The Inclusive Technology Prize aimed to encourage innovation in products, technologies and systems that give disabled people equal access to life’s opportunities. It ran from October 2014 to March 2016 and was open to UK applicants.
This case study is part of a report we published in April 2018, exploring how “super nodes” support DSI initiatives to grow and scale. You can read the full report here.
Super node: Nesta
Issue to be resolved
There are over 12.2 million people with a limiting long-term illness or impairments in Great Britain. The prevalence of disability rises with age. Many disabled people rely on assisted living technologies to support them in their everyday lives. However, the development and manufacture of aids, adaptations and products has not kept pace with the use of new technologies, materials and design and manufacturing processes seen in other areas.
The Prize aimed to incentivise technological innovation from individuals and small businesses to improve or develop assistive living aids, adaptations, products and systems that would make a real difference to the lives of disabled people.
The Prize’s objectives were to:
- generate public and media interest in, and excitement about, accessible technologies and their ability to make life easier and more inclusive;
- facilitate the co-creation of new products, services and systems that meet needs as defined by users themselves;
- champion a spirit of entrepreneurship and innovation by supporting disabled people and amateur designer/makers to become assistive technology developers and entrepreneurs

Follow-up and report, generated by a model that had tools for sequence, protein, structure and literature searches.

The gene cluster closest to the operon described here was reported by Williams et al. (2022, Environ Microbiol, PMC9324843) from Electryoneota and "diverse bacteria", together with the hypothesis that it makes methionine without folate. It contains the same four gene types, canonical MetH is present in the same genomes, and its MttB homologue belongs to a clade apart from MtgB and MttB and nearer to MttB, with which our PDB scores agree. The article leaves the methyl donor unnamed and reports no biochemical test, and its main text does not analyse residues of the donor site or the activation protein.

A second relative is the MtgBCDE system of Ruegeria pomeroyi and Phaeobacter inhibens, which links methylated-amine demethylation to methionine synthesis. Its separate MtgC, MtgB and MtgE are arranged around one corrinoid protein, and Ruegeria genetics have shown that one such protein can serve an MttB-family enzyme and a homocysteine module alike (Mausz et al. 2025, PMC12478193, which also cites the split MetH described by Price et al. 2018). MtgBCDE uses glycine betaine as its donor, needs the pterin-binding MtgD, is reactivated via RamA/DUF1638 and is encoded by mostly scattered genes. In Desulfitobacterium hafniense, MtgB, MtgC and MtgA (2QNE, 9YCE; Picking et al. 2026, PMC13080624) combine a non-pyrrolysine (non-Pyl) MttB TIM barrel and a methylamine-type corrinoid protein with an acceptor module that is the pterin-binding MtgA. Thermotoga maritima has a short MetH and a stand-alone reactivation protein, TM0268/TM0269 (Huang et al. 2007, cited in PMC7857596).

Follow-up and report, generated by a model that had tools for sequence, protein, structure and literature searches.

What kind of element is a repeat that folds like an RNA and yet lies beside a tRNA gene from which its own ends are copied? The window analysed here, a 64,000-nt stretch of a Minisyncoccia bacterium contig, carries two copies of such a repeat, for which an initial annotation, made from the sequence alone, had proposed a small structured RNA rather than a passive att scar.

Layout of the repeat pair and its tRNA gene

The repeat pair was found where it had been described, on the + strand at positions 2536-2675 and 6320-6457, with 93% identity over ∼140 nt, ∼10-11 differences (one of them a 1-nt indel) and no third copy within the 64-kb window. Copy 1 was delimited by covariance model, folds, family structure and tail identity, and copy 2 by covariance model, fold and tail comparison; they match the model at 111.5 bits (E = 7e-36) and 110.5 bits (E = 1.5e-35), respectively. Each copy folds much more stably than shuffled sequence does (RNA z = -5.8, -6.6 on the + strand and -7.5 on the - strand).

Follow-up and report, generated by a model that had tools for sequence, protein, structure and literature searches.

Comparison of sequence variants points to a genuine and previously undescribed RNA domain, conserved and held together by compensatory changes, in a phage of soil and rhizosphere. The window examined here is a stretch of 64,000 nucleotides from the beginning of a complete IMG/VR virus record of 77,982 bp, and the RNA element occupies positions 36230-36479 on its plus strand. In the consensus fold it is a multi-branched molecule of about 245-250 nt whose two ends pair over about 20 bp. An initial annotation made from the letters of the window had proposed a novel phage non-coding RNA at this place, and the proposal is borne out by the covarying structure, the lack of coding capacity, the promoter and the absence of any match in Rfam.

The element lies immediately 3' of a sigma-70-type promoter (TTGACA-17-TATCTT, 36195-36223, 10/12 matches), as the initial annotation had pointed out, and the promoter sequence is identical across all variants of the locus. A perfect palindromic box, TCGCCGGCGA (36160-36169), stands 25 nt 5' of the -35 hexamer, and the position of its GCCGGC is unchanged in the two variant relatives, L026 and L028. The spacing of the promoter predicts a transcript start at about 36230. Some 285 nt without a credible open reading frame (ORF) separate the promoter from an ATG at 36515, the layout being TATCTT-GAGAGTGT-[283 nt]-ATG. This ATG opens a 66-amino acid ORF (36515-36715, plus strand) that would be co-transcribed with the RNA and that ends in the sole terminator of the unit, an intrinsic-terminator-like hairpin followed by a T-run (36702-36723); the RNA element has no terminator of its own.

- forge new partnerships between technology users, developers, manufacturers, buyers and providers;
- build a dynamic and vibrant market for accessible, functional, flexible and desirable assistive technologies.
Designed and led by Nesta and run in partnership with Leonard Cheshire Disability, with support from the Department for Work and Pensions, Innovate UK, the Department for Business Innovation and Skills and Irwin Mitchell, the Inclusive Technology Prize sought to champion innovative assistive technology and encourage co-creation with disabled people.
Role of the super node
The team conducted a period of research and design that closely involved a range of stakeholders, including funders, practitioners and technologists, and most importantly end users themselves. This included six focus groups with people with disabilities. Through t 50 this process, they designed a prize that invited innovations improving life for people with a range of disabilities using a range of technologies. They also found that users did not think it was essential for designers to be living with disabilities, but rather for them to co-create with people living with disabilities. Finally, it was important to create a prize fund which incentivised innovators, but which was not so large that it scared away individuals or small organisations.
The team received 203 applications. 25 semi-finalists received £2,000 each and light-touch capacity-building support. From these, 10 finalists received £10,000 each and more intensive capacity-building support. One winner and two runners-up received £50,000, £35,000 and £15,000 respectively. The runners-up funding was provided during the course of the project by a private foundation that approached Nesta; it was not envisaged at the start of the project and demonstrates the project’s success. An evaluation of the project was carried out afterwards, including surveys, interviews and data analysis.
While there was no direct follow-on project, it established the Challenge Prize Centre as an effective player in this space. Now, the Centre is running a much larger prize, the Mobility Unlimited Challenge (mobilityunlimited.org). This $4m global prize supports radical improvements in the mobility and independence of people with lower-limb paralysis through smarter assistive technology. Many lessons from the Inclusive Technology Prize were integrated into the design of Mobility Unlimited, including the commitment to co-creation.
- Co-creation is essential.
- A broad range of skills and expertise is needed for successful project implementation.
- Guidance, timeframes and structures need to be clear from the beginning.
- Incentives and capacity support are important, especially to smaller organisations and groups.